Posts for 2006

Announcing Platform Studies

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Ian Bogost & Nick Montfort are pleased to announce a new MIT Press series,

Platform Studies

Investigating the relationships between the hardware and software design of computing systems and the creative works produced on those systems.

The first book in the series is forthcoming in 2008:

Video Computer System: The Atari 2600 Platform
by Nick Montfort and Ian Bogost

For more about computing platforms and their relationship to new media, the new approaches which we hope this series will foster, examples of platforms, and answers to questions about the series concept, see our site:

http://platformstudies.com

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Originally posted on Grand Text Auto by nick


Environment 2.0 - a festival for a better planet

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ENVIRONMENT 2.0 a Futuresonic 2007 festival special feature.

Futuresonic is taking steps to reduce the environmental impact of the festival, starting with a pioneering study of the carbon footprint of the Futuresonic 2007 festival, undertaken in collaboration with the Manchester-based Tyndall Centre for Climate Change Research and Creative Concern, and a series of projects which highlight social and environmental impact of future arts and technologies.

The issues raised by this will be explored under the banner of ENVIRONMENT 2.0 within the SOCIAL TECHNOLOGIES SUMMIT, the main conference strand of the Futuresonic festival.

[More...]

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Originally posted on Rhizome.org Raw by Rhizome


[Erwin Redl]

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Keep In Mind.jpg

"Keep In Mind" from 1997 by Erwin Redl.

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Originally posted on VVORK by Rhizome


R: RHIZOME_RAW: Thieves of the Invisible

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Salvatore Iaconesi:

you built a really smart (in many ways) and hypnotizing (practically and aesthetically) mechanism....

download freaks will be happy. culture freaks will be happy.

you should go fetish and remix all the extracted books, and share the remixes, too.

----Messaggio originale---- Dal: play@ubermorgen.com Data: 14/12/2006 17.04 A: "RHIZOME RAW"<list@rhizome.org Ogg: RHIZOME_RAW: Thieves of the Invisible

Thieves of the Invisible www.amazon-noir.com Text by Alessandro Ludovico vs. Paolo Cirio feat. UBERMORGEN.COM

We have stolen the invisible.

Amazon, the motherly bookseller, always sensitive to her customer
needs like an affectionate friend, was outraged in her own intimate
affects. Her most precious resource, an infinitely beautiful body of
culture, able to mesmerize your eyes for hours, was somehow deprived
and exposed, after we had eluded her copyright protection. Amazon had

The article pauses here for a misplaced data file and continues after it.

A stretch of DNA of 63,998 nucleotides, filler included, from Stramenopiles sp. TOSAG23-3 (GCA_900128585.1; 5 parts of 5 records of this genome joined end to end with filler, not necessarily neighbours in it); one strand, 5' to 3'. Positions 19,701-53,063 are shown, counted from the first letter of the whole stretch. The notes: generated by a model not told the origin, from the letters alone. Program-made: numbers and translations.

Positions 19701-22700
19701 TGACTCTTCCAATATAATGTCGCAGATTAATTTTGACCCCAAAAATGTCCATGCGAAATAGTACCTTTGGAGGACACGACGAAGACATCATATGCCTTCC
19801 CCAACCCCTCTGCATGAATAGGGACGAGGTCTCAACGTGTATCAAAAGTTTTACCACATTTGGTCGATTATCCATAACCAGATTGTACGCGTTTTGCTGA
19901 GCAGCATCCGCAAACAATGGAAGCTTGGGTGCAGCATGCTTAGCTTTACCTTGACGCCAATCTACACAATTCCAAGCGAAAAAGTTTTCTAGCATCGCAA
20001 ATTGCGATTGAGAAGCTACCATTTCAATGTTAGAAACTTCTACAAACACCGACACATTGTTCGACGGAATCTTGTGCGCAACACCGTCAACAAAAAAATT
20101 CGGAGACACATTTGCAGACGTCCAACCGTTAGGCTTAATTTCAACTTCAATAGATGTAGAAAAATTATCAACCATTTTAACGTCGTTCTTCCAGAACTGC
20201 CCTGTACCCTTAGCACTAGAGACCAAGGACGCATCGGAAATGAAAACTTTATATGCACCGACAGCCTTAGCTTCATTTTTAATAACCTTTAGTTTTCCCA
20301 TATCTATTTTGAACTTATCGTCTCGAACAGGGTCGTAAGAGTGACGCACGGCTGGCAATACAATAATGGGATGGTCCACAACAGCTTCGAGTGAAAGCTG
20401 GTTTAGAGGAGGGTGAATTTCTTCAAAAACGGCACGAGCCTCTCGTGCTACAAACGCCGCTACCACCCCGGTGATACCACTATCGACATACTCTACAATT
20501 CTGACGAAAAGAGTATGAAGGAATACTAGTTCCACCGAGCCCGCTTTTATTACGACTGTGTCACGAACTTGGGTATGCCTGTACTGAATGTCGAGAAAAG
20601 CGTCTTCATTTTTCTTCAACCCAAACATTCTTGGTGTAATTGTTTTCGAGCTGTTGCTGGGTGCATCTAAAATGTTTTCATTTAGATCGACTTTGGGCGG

been a witty advisor to millions of happy customers, and had spent
the last decade researching how to improve her service. She had dedicated all her time and energy to building the best
collection of purchasable culture possible. She never wasted her time
investing in public mass advertising or in spamming the profiled
potential new customer. All she counted on and needed to count on was
the grand word of mouth that happy customers passed on one another. That was a killer application – together with the software platform
that made books the center of an interrelated universe. She started
then to hyper-contextualize every piece of her inventory, researching
the overlaps of tastes her happy customers kind of anonymously
displayed. Furthermore, she incited customers to compile lists,
review, comment, discuss and tag all books. But all her love was
finally expressed in allowing users to peek into the inner side of
her treasures: the original texts. She worked hard from the beginning ...

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Originally posted on Rhizome.org Raw by Salvatore Iaconesi


Excelling: an interview with Danielle Aubert

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Recently, WRT featured the art book 16 Months Worth of Drawing Exercises in Microsoft Excel. WRT interviewed artist Danielle Aubert about her Excel art, and more:

WRT: Can you tell us a bit about yourself?

Danielle Aubert: I’m based in Detroit. I moved out here in June of 2005 after finishing up an MFA program in graphic design at Yale University. Prior to that I lived in New York and Moscow where I worked as a web designer. I didn’t begin studying graphic design formally until I got to Yale, so while I was working in web design I more or less learned on the job. I studied English Literature for my undergraduate degree. I came to Detroit to join my partner who is a professor in the English department at Wayne State University. I’ve been teaching at the College for Creative Studies (http://www.ccscad.edu/) twice a week and work for clients out of an ‘office’ in downtown Detroit (I rent a 1-bedroom apartment down the hall from where I live).

WRT: How did you begin working with Excel artistically?

DA: I started ‘designing’ directly in Excel when I was putting together a thesis book for my MFA at Yale. I had been thinking a lot about how information is tracked and compiled, and when it came time to imagine a final form for my thesis book it made sense to me to create the book in Excel. One chapter of the thesis book was a catalogue of all the things I had designed over the previous three years. I laid it out in a spreadsheet format. At the end of the book I included graphs and charts that were generated by the information in the spreadsheet-catalogue of all the work (I determined what fonts ...